After 37 years of construction, the building was declared officially completed in 1903; however, a design for a sculpture to stand atop the dome was not approved until 1988. “Ad Astra,” a 22 ½ foot bronze sculpture that weighs 4,420 pounds, was installed atop the dome on October 10, 2002. The sculpture depicts a Kansas Native American with bow and arrow pointed at the North Star and was chosen from 27 entries. The title “Ad Astra” is a shortening of the Latin for the state motto, Ad Astra Per Aspera – “to the stars through difficulty.”

In 1898, artist Jerome Fedeli painted murals near the top of the dome in the rotunda; however, Fedeli's work depicted bare-breasted classical women. Officials referred to the paintings as "Nude Telephone Girls" and had them painted-over. In the 1930s, John Steuart Curry painted murals on the second floor including the building's most famous painting – Tragic Prelude – which depicts an oversize and raging John Brown wedged between flames and a tornado. Curry's work gained considerable notoriety for depicting an unsavory aspect of Kansas history. He left the murals unsigned and did not complete his commission to paint murals in the rotunda. Curry's depiction of John Brown is believed to be the only occurrence of a person convicted of treason being featured in a state capitol. From 1976 to 1978, Lumen Martin Winter painted the murals in the rotunda. In December 2001, a $120 million modernization project began which included restoration of the first through fifth floors, the exterior masonry and the copper roof and dome as well as rehabilitation and expansion of the basement. By the time the project was finished in 2014, unexpected and added expenditures resulted in a total cost of $332 million.

The Kansas State Capitol is one of the few capitols in the United States that continues to offer tours that go to the top of the dome. Visitors
The Under Side Of The Inner DomeThe Under Side Of The Inner DomeThe Under Side Of The Inner Dome

Kansas State Capitol - Topeka KS
enter the dome by climbing 296 steps leading from the fifth floor to the top. I was tempted, MAN, was I tempted! The Kansas Historical Society cleverly says, “This spectacular tour is breathtaking—literally….” The visitor is afforded up close and personal views of both the inner and the outer domes and, the summit offers a unique view of the City of Topeka. The personnel manning the visitor center assured me I could go part way and abort the idea if the climb got to be too much; however, they were more than fair when they pointed out the obvious – heat rises. With outdoor temperatures in the mid-80s, I surmised the temperatures at the top of the climb would exceed 100 degrees. I’ll come back in January and ascend the dome stairway then – yeah, right! The Kansas State Capitol is one of the most beautiful capitols I have visited and the guided tour was one of the most interesting I have encountered. Obviously, it is very highly recommended.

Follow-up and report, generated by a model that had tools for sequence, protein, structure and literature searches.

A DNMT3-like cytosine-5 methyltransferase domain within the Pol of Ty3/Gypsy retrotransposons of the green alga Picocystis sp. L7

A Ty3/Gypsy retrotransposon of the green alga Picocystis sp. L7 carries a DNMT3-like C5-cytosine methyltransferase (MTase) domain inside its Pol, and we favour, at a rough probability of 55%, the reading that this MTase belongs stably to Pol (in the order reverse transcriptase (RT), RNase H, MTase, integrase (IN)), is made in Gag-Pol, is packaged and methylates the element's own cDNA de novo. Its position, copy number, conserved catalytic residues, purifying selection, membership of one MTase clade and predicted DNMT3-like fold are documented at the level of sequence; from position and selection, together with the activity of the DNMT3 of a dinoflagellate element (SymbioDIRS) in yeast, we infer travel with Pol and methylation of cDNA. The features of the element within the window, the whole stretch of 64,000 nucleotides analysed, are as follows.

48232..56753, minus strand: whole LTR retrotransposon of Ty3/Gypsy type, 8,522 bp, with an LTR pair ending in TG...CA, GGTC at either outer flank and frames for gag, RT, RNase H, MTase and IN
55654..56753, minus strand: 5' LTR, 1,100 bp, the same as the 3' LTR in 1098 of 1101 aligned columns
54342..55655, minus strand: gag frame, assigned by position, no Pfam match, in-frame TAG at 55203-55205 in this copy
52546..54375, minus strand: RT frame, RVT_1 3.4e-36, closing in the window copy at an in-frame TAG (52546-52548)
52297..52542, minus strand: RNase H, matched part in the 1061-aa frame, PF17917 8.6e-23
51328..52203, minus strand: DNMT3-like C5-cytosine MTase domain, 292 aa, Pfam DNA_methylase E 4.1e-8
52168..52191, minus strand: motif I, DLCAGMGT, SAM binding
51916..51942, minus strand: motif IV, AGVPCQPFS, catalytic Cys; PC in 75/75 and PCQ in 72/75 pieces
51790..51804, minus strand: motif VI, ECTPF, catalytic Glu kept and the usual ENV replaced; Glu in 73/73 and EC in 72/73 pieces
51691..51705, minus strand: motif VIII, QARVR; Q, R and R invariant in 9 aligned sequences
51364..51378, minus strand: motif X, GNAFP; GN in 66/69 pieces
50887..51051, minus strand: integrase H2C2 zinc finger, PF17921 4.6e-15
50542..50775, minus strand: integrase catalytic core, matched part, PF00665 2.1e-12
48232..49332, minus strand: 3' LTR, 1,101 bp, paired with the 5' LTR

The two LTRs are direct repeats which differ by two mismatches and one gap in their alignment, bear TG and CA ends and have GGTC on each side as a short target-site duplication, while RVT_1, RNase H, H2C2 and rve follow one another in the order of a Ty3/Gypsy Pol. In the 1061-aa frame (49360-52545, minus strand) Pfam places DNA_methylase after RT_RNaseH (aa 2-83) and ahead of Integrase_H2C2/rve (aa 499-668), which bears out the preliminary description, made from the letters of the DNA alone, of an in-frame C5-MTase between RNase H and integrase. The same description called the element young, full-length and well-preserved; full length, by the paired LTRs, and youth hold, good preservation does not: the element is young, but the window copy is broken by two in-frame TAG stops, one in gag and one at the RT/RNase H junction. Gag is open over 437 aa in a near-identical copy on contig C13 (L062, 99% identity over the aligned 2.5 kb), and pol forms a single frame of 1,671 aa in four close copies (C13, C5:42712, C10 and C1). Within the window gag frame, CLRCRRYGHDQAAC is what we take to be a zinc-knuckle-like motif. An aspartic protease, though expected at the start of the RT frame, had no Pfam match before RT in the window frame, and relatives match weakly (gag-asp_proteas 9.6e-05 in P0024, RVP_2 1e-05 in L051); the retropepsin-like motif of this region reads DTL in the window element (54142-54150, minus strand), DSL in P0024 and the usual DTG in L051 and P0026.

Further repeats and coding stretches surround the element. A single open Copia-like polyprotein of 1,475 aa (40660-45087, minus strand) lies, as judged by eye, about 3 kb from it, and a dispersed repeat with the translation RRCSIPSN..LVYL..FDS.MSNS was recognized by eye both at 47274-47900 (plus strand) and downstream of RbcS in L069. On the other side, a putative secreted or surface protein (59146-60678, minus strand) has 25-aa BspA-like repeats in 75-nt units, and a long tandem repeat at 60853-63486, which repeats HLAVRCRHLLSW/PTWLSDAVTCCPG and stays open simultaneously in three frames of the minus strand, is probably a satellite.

As long as I was in the capital frame of mind, I headed to the Territorial Capital Museum and its first cousin, the Constitution Hall State Historic Site both in Lecompton KS. Both attractions offer an interesting history of Lecompton and, therefore, of Territorial Kansas. Lecompton, originally called "Bald Eagle," was founded in 1854 but was later renamed Lecompton in honor of Samuel Lecompte, the chief justice of the Kansas Territorial Supreme Court. In the spring of 1855, the town became the capital of the Kansas Territory.

I believe some background information will be helpful at this point. In the years leading to the Missouri Compromise of 1820, tensions began to rise between pro-slavery and anti-slavery factions within the U.S. Congress as well as across the country. They reached a boiling point after Missouri’s 1819 request for admission to the Union as a slave state. Approval of the request would have upset the delicate balance between slave states and free states. To keep the peace, Congress orchestrated a two-part compromise – it granted Missouri’s request but also admitted Maine as a free state, and it passed an amendment that drew an imaginary line across the former Louisiana Territory at latitude 36°30′ which established a demarkation between free and slave regions of the country.

The Missouri Compromise was criticized by many southerners because it established the principle that Congress could make laws regarding slavery; while northerners, on the other hand, condemned it for acquiescing in the expansion of slavery (albeit only south of the compromise line). Nevertheless, the Missouri Compromise of 1820 remained the law of the land and helped hold the Union together for more than thirty years until it was effectively repealed by the Kansas-Nebraska Act of 1854. That act established popular sovereignty as the decisive principle regarding slavery in both Kansas and Nebraska, even though both states were north of the compromise line.